Chronicle extended stats by Billy Bertrand: Disappointing streak for Ben Chiarot

After by far the best regular season in their history, which earned them the Presidents’ Trophy, the Panthers’ journey came to an abrupt end at the Battle of Florida. They were swept away by the two-time defending champion in the second round. The Panthers are therefore walking out of the playoffs empty-handed after being aggressive in the trade market last year.

They traded their next three first-round picks to Sam Reinhart, Claude Giroux and Ben Chiarot. Reinhart had a great season with 82 points in 78 games and is part of the organization’s long-term plans, while Claude Giroux did his part in the playoffs with 8 points in 10 games. On the other hand, for Chiarot, the transaction quickly soured.

However, Chiarot and Florida seemed like a tailor-made duo. The Panthers had a historic attacking record of more than 4 goals per game, but they wanted to strengthen the blue line on both defense and resilience in order to set themselves up for the playoffs.

Chiarot met all criteria at the time of the transaction. A defensive defender who would solidify the left side of the blue line behind Mackenzie Weegar. A defender who has saved more than 150 shots in each of the last three seasons. And most importantly, a defender who knows what it takes to go far in the playoffs. After all, he was a crucial player in CH’s run to the Stanley Cup Finals last year, playing more than 25 minutes per game. He also had 56 playoff experience.

His start to the season was promising for Florida, with 8 points and a plus-4 difference in 20 games at nearly 21 minutes per game, but the Panthers had a very favorable schedule to end the year. In those 20 games since Chiarot took over, only 6 have been against teams that made the playoffs, including three games against Toronto.

As competition intensified in the playoffs, Chiarot’s contribution all but disappeared. He only broke the 20-minute mark once, in Game 6 against the Capitals, which required overtime. In terms of individual influence, Chiarot was one of the least prolific defenders of the organization on either end of the ice.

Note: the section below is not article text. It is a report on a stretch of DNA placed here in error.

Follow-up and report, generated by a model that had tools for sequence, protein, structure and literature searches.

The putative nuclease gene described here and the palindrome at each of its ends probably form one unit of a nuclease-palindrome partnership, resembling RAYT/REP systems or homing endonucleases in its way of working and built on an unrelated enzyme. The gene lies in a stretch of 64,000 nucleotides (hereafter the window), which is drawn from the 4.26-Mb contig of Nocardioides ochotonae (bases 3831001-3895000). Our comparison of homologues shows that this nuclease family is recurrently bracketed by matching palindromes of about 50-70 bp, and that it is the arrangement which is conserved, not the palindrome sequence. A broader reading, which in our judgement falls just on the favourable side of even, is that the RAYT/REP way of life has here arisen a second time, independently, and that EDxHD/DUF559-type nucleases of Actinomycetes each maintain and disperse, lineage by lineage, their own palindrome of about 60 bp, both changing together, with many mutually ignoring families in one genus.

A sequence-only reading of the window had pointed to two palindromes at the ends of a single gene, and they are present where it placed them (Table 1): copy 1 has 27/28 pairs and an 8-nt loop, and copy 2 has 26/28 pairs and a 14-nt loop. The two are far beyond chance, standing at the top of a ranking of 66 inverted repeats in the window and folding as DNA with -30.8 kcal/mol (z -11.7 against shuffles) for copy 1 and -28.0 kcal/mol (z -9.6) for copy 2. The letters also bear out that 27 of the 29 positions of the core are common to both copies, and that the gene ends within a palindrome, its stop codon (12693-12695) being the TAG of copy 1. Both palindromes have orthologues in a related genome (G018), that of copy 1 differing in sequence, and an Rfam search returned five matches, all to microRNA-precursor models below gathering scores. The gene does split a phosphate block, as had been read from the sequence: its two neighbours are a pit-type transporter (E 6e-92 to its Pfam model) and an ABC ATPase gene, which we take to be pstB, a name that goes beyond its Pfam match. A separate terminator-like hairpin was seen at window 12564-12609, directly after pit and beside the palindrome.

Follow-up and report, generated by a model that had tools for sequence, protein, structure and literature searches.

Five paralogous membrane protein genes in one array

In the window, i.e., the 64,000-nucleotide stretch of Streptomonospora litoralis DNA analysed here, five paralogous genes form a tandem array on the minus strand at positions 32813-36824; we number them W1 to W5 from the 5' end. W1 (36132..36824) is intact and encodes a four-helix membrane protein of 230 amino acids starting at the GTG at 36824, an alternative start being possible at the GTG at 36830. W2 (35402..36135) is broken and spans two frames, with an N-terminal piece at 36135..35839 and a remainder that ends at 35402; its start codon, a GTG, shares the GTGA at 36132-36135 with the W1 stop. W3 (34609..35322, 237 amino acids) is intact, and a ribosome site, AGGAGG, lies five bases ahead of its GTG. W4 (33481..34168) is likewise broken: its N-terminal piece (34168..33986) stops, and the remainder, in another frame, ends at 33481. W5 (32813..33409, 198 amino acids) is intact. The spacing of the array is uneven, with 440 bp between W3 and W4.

Panthers head coach Andrew Brunette gave him a lot of responsibility despite the reduced playing time, and Chiarot didn’t answer the call. He was second for the Panthers in terms of competition and second-bottom with just 31.7% of his appearances starting in the offensive zone. With all this time spent in the defensive zone, such minimal defensive effectiveness is very disappointing.

With the CH, Chiarot had also shown he could support attack when the opportunity presented itself, but that offensive zeal was nowhere to be found in the playoffs. Only Radko Gudas attempted fewer shots than him and with only 18 breakouts he offered almost nothing in the switching game. The 4 defenders before him have all scored at least 36. As a result, he has just one assist on his tally in 10 games.

Chiarot also found himself in the first pair with Aaron Ekblad starting Game 4 against Washington. Ekblad missed the end of the season through injury, preventing Chiarot from playing with him ahead of the playoffs to build chemistry with the star defender and the results speak for themselves. The Ekblad-Chiarot duo were completely outplayed as they shared the ice 5-5 while attempted shots went 85-52 in the opponent’s favour.

Of course, Chiarot isn’t the only player responsible for the Panthers’ dropouts. The power play was completely anemic with just one goal from 31 opportunities. The overall offensive has almost halved at just 2.30 goals per game. Even so, the Panthers paid top dollar for Chiarot and he didn’t take the call. Brunette couldn’t use him in favorable situations and Chiarot couldn’t up his game by a notch like he did for Montreal last year.

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